Assistant editor Helen Brown and executive producer, live streaming Victoria Cotton were speaking at Rise - Women In Broadcast’s Championing Broadcast Careers In The Regions event

Victoria Cotton Helen Brown BBC Sport

BBC Sport assistant editor Helen Brown and executive producer of live streaming, Victoria Cotton, have revealed how the broadcaster is aiming to expand its coverage to new sports and sportspeople. 

Speaking at the Rise - Women In Broadcast’s Championing Broadcast Careers In The Regions event on Wednesday, 29 September, the pair revealed that new technology and commissioning plans are trying to bring new voices onto the screen.

Cotton, speaking about the technological advances coming into use, said: “Delivery by IP, delivery by 5G, this is all making it cheaper - which is important because everythng costs a lot. This is opening it up to allow more people to enjoy sports.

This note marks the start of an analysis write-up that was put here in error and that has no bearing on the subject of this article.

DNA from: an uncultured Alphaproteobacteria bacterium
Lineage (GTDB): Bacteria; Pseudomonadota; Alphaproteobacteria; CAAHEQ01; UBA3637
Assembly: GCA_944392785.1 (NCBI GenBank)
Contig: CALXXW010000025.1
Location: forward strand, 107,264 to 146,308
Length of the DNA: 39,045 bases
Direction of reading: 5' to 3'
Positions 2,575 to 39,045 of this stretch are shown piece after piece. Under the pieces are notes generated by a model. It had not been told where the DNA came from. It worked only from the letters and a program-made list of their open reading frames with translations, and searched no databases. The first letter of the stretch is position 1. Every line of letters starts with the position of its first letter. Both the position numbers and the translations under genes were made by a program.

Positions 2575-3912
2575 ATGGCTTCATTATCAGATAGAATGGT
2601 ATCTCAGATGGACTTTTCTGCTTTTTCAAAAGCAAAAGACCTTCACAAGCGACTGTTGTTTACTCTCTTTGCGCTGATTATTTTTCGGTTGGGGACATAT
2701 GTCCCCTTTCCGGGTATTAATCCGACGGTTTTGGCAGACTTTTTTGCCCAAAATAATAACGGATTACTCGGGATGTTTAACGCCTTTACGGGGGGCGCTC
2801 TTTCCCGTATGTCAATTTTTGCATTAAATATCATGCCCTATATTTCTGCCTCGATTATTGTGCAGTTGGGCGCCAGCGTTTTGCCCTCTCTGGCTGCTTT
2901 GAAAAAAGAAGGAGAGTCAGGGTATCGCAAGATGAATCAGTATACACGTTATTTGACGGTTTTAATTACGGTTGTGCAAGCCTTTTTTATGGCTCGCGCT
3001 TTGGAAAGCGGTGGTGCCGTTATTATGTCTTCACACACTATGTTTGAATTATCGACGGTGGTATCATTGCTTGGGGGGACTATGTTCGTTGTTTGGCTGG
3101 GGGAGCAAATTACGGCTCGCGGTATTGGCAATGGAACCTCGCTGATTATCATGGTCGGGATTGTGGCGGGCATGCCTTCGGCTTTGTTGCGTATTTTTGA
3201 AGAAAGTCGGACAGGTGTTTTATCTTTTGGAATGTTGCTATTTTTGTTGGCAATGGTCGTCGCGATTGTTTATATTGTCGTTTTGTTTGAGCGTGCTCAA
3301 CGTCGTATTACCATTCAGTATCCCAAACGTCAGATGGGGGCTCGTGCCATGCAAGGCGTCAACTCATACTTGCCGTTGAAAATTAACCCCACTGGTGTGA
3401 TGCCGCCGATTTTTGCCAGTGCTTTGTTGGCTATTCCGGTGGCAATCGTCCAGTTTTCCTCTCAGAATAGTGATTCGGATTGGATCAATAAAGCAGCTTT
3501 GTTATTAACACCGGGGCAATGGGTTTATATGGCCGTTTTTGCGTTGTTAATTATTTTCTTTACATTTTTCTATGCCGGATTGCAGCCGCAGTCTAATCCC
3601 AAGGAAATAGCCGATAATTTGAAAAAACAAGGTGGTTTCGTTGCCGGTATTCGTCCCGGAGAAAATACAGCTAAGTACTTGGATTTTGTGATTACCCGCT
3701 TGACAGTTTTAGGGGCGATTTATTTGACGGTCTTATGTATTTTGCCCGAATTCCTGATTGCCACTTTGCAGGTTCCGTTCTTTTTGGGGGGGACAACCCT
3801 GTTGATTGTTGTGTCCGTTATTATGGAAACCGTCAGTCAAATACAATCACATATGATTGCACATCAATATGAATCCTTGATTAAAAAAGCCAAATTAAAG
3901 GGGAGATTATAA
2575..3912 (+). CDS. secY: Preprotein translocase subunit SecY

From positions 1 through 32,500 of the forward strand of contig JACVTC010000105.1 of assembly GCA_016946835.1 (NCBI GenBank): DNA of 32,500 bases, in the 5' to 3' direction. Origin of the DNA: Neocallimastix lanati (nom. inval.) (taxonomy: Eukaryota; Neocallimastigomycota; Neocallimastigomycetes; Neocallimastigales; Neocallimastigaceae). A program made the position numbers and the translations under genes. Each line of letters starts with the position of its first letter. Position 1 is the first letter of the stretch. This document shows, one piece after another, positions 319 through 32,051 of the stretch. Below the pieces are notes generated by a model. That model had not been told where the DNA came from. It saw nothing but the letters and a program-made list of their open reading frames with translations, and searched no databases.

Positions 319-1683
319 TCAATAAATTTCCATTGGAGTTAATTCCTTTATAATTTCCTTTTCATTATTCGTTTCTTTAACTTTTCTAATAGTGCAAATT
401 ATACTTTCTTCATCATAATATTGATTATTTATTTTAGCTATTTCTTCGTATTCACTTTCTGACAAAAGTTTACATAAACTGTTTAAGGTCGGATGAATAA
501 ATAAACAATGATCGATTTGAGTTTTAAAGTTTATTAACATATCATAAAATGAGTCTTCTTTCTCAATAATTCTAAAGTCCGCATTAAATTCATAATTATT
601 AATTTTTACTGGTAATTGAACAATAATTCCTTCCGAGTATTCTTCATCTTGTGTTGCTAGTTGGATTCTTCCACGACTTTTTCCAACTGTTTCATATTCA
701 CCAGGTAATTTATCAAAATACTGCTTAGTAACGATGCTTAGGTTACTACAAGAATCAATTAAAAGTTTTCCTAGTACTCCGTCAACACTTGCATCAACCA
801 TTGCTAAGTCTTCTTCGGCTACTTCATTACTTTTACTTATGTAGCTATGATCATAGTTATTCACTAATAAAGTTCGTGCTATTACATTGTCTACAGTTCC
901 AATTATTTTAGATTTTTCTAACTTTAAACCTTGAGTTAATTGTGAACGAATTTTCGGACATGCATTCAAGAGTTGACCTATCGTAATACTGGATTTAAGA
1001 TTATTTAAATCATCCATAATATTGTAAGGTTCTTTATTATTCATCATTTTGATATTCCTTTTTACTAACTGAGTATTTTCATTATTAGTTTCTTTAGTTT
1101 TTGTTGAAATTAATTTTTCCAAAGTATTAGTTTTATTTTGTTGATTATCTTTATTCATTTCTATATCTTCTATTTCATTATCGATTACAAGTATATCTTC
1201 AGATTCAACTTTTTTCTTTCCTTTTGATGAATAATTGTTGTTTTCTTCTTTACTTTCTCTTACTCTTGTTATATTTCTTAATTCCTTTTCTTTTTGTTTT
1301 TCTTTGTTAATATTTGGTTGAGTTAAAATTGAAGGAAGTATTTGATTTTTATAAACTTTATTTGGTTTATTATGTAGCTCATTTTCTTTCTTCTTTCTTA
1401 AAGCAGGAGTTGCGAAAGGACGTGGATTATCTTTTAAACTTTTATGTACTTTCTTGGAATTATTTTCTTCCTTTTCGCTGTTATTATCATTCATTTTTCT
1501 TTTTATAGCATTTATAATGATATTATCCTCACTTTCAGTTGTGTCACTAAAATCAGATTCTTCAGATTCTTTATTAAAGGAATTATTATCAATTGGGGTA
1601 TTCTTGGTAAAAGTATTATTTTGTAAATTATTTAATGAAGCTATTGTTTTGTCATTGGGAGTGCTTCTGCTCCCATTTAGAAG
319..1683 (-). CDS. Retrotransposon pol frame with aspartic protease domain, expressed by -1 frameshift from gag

“For example, the first round of the FA Cup. We use a single camera and get 35,000 viewers. There’s something really great about that and being able to show it to people.

Brown added on how the broadcaster is approaching commissioning: “It’s all about the storytelling. I have a friend at the X Factor, and he says it’s about the story and not the song - and it really is.

“The last few years, we’ve really expanded the range of sports we cover, and then you’re introducing new people - which really encourages that [storytelling].”

Rise aims to support women in the broadcast industry, and the Championing Broadcast Careers In The Regions event saw mentors and mentees speaking on how the Rise programme has benefited them in their careers.

Speaking about representation at the BBC and its 50/50 project to equalise the number of men and women on screen, Brown said: “A few years back we realised that 85% of sports news was male.

“When you look at things and focus on diversity it really improves programmes.” She added: “We got it to 50/50 at the Women’s World Cup, and now it’s about 60/40.”

Cotton said: “We’re crying out for [women’s] eyes and your skills, because you tell stories differently.”